Greetings, faithful readers!
A few weeks ago we had the privilege of attending a vertical wine tasting at the home of some good friends. The experience is even better than it sounds. Several years ago they purchased V Madrone’s 2006, 2007, and 2008 Cabernet Sauvignon, and they cellared it for a special occasion to share with good friends.
Well. Lucky us.
At the risk of sounding incredibly pretentious, let me set the record straight. These are Mr. Musky’s college friends, and they’ve seen one another at their worst. Their very worst. Their wives attend my girl’s weekend trips. And let’s just say…
…we’ve seen one another at our best. Our very best.
And that “cellaring” bit? Well, they store their wine in their unfinished basement on the floor. As their Napa Valley tour guide admonished, “You don’t need a fancy cellar! Just place the stuff in a cool, dry spot and walk away.” Those are encouraging words for us plebeians who can’t afford custom built, temperature controlled, mahogany wine racks in fancy cellars.
In leading up to this event, I must admit that I more thoughtfully than usual considered what to offer as a food contribution. I wanted my concoction to be higher-brow than normal while not competing with the wine; rather, it needed to complement it without being fussy. I also wanted to ensure I could make it ahead of time, it would contain protein, carbs, and a vegetable, and it wouldn’t require gymnastics to get it on serving plates and in front of us.
I backtracked two years to something I made as a direct result of our 20th anniversary celebration at The Immigrant Room in The American Club in Kohler, Wisconsin. Normally against the salad course at a four-star restaurant, I insisted we try one to see if it was worthy of foregoing the appetizer. And besides, we hadn’t really filled our annual quota on smoked duck, so that was a no-brainer. So I ordered the Smoked Duck and Wild Rice Cake. With every bite, I committed the flavors to memory in an effort to recreate the single best salad I ever ate.
Chock full of perfectly smoked duck breast and wild rice, these little nuggets pack a flavor and texture punch made in heaven. Smoked any meat is delicious, but smoked duck is tender, juicy, and full flavored. It reminds me of ham, but better. Slightly reminiscent of bacon, but with a chicken-like texture. I could eat this stuff like potato chips – it’s that good, salty, and addictive.
Wild rice grown in the northern midwest compliments the duck. Throw in some nutty parmesan cheese, a few eggs as a binder, and a little sautéed onion and garlic to bring it all together. Then lay the little cakes atop some fresh arugula drizzled with lemon vinaigrette and shavings of extra parmesan.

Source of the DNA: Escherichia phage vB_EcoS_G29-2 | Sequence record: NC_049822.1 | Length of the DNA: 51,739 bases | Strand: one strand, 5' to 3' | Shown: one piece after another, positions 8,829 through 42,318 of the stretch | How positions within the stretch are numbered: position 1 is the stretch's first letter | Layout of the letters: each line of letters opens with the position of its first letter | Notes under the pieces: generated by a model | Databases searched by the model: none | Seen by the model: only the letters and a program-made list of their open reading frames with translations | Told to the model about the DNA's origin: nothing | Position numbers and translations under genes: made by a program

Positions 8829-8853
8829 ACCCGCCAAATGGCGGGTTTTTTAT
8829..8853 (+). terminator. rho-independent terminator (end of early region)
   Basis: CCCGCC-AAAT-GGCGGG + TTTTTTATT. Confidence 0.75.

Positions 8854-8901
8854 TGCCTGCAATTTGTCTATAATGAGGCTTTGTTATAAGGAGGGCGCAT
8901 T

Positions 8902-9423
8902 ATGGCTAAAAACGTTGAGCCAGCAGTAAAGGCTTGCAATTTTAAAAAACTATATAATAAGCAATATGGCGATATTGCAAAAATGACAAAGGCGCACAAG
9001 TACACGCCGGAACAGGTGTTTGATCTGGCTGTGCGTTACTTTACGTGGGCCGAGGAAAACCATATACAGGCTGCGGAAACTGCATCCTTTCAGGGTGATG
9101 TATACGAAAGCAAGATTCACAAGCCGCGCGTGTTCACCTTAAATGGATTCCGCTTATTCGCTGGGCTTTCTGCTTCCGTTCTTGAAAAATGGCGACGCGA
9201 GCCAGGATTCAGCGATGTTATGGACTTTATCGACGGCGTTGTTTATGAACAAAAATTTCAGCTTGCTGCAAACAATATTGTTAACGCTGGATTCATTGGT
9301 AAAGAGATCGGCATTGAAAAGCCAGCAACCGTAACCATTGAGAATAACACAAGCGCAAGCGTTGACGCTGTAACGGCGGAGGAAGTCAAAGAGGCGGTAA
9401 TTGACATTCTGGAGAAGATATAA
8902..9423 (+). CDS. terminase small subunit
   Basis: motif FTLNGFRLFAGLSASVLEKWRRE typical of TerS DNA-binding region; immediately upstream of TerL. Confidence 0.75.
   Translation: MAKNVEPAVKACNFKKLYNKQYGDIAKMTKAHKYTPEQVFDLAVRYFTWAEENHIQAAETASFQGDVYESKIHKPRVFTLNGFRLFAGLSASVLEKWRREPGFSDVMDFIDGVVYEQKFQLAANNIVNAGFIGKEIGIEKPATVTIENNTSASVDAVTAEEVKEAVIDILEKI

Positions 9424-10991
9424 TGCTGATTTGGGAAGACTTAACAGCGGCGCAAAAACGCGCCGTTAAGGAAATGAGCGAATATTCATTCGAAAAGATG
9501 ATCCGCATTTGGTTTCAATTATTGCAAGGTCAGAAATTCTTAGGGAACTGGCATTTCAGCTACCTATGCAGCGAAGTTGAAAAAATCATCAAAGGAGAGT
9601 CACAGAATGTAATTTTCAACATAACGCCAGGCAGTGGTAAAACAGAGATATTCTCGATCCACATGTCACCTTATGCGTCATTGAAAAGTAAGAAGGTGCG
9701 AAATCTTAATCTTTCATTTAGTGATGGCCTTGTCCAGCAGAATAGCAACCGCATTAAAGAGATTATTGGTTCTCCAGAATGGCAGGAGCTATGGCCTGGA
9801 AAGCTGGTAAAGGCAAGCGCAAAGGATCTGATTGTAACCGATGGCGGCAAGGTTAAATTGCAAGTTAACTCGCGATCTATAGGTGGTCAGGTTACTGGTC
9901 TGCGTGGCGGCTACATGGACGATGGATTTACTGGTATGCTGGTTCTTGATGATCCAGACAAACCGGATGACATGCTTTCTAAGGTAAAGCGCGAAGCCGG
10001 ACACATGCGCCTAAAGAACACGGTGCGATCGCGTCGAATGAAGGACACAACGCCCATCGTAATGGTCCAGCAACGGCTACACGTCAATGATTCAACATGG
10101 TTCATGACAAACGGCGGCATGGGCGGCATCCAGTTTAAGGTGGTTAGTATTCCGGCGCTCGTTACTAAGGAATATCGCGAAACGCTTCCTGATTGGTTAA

Oh mama. The only way to make it better is to sip on some ridiculous Cab with five of your best friends on earth.
I will never eat these again without remembering our anniversary and our best couple friends. The kind who love you for you, through the years, boating and fishing shenanigans included.
Check your local specialty food stores for smoked duck, or if you’re a purist like me then buy some from Nueske’s. I had to call the retail store in Wittenberg for the smoked breasts, but it was worth it. If you can’t get your hands on smoked duck, give ham or smoked pork a whirl.
And as for the wine?
We all loved it. My personal favorite was the 2006, but others preferred the 2007, and some liked the 2008 best. It was interesting to taste the differences in the vintages and to see who liked what best. Lucky for me Mr. Musky liked 2006 the least and promptly passed his glass to me. I savored every sip, every bite of the duck cakes, and every nibble of smoked stuffed pork tenderloin prepared by our hosts. The baby bundt cakes for dessert ended the evening with perfection, and we all returned home fully satisfied with our friendship tanks filled.
There’s a certain Hallmark sponsored holiday on the horizon. Be on the lookout now for some high end smoked meat to surprise your honey. And…don’t forget the Cab – it pairs beautifully.
- 1 cup wild rice
- 1 T butter
- 2¼ cups chicken bone broth
- Salt and Pepper
- 2.5 t butter
- 1 onion, chopped
- 4 garlic cloves, minced
- 1 cup grated Parmesan cheese
- 4 eggs, whisked
- 2 cups (about ¾ lb) smoked duck pieces
- More butter and/or bacon fat
- 2 T freshly squeezed lemon juice
- 1 t dijon mustard
- ¼ t salt
- ¼ t cracked black pepper
- 5 T extra virgin olive oil
- In a rice cooker make the wild rice using the brown rice setting. Alternatively, in a saucepan over medium-high heat bring the rice, butter, and bone broth to a boil. Reduce the heat to a simmer, cover, and continue cooking for 45-50 minutes. This step can be completed a day or two in advance.
- Meanwhile, sauté the onion in butter in a medium pan over medium-low heat until translucent, about 5-6 minutes. Add the garlic, and cook for another 2-3 minutes. Remove to cool.
- In a large bowl, whisk the eggs and add the parmesan cheese. Add the cooled onion / garlic mixture and cooled rice. Stir in the duck.
- Heat a large skillet over medium-heat. Add the butter and/or bacon fat (I use a mixture) to coat the pan (about 1 T total).
- Pack the duck mixture into ⅓ cup and carefully dump it into the hot grease. Repeat three times, leaving plenty of space in-between each cake.
- Gently press the mound down with the back of a spatula and cook for three minutes, adjusting the heat if necessary.
- Carefully flip the cake after 3-4 minutes and cook for another 3-4 minutes.
- Remove the cooked cakes to a platter and repeat until all the mixture is gone.
- Make a Lemon Vinaigrette by combining the lemon juice, mustard, salt and pepper. Whisk to combine, then gradually add the olive oil in a stream while you continue whisking.
- Toss the arugula with the vinaigrette. Mound a bit of dressed arugula on each serving plate, then top with 1-2 duck cakes.